Who ate whom? This is one of the most persistent questions of the fossil record, and teeth only get us part of the way there. Serrated fangs would suggest a more carnivorous diet than rows of flat molars, for example, but even then we’re still left with the conundrum of what an animal could eat and what it actually consumed. That’s why fossil leftovers are highly prized, be they tooth-scraped bones, gut contents, or, in the case of a particular fossil from Morocco, a perforated shell.
The fossil, described by paleontologist Andrew Gale and colleagues, is one of the spiral-shelled cephalopods experts know as ammonites. In particular, this was a young Pseudaspidoceras. Others of its kind have been found before, but two intertwined facts make this specimen stand out. Not only do punctures pock the surface of the shell – signs of assault by a marine reptile – but, at over 90 million years old, the damaged ammonite is one of the oldest of its kind.
Paleontologists are familiar with the damage pattern. Dozens of ammonite shells from the Cretaceous rock of North America have been found with holes made by the bites of mosasaurs – large, predatory marine lizards. But other marine predators, including fish, could have left their mark on ammonites, too. Best to check so as not to implicate the wrong culprit.
The Pseudaspidoceras shell is marked by six holes in a U-shaped pattern on the left side and three irregular punctures on the right side. The two sets line up when superimposed, underscoring that this was a bite and not just a coincidental constellation. So who bit the ammonite? Gale and coauthors note that the fossil beds the ammonite was extracted from has yielded various fish, sharks, turtles, and plesiosaurs, but the most likely suspect is the early mosasaur Tethysaurus nopcsai. The shape of the tooth marks, as well as the size of the ammonite and corresponding gape needed to bite it, best match the mosasaur over the other vertebrates found in the same fossil beds.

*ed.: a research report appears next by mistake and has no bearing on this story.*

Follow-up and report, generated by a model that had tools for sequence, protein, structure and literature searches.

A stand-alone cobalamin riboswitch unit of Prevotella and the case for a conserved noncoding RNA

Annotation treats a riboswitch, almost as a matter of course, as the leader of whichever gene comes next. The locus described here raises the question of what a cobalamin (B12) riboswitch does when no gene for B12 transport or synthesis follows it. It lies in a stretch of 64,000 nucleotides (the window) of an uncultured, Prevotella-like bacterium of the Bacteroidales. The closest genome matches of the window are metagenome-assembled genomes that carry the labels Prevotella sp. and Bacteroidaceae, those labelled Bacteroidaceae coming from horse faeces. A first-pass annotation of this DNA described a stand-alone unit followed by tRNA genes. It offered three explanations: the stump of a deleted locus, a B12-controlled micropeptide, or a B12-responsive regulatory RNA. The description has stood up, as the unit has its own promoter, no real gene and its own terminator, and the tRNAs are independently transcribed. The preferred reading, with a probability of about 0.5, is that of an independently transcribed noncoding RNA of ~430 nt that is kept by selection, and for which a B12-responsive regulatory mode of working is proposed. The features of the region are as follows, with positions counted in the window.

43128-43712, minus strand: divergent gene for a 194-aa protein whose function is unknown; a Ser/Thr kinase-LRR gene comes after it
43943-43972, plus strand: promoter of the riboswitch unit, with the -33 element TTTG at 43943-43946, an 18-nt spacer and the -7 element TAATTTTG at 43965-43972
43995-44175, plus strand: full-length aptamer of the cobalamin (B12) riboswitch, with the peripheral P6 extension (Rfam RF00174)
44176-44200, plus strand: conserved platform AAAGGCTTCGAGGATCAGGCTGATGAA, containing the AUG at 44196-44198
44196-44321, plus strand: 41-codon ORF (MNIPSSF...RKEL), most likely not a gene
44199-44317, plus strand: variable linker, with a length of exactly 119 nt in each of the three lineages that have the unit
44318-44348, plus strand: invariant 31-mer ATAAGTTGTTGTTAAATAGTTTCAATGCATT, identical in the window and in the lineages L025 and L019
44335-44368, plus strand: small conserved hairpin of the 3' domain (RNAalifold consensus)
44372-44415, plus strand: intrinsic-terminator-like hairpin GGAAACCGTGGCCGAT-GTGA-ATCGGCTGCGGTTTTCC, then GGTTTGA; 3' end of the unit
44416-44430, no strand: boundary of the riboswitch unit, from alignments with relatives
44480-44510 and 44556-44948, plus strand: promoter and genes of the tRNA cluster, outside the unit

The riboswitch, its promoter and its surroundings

So far, the researchers write, the damaged Pseudaspidoceras is the earliest definitive evidence of a mosasaur biting an ammonite. (Whether this was predation, play, or something else is unknown, however.) This pushes back interaction between these reptiles and their molluscan contemporaries about 20 million years. But rather than signaling a long period of coevolution between mosasaurs and their crunchy prey, Gale and coauthors actually come to the opposite conclusion.
Not only is the Pseudaspidoceras especially old, it’s also the only mosasaur-bitten ammonite yet confirmed outside North America. It’s a rare fossil, and one the paleontologists aren’t even sure is an attempt at grabbing lunch. This might mean that mosasaurs, in general, were not dedicated ammonite chompers. It might be that some later species became specialists, or, as Gale and coauthors write, the high occurrence of mosasaur bite marks in some Cretaceous strata is a sign that there was little else to eat in those habitats at the time. In other words, mosasaurs were living creatures who varied in their habits and didn’t behave in a uniform way. So far, we’ve only encountered a sliver of what was on their Mesozoic menu.
Gale, A., Kennedy, W., Martill, D. 2017. Mosasauroid predation on an ammonite – Pseudaspidoceras – from the Early Turonian of south-eastern Morocco. Acta Geologica Polonica. doi: 10.1515/agp-2017-0003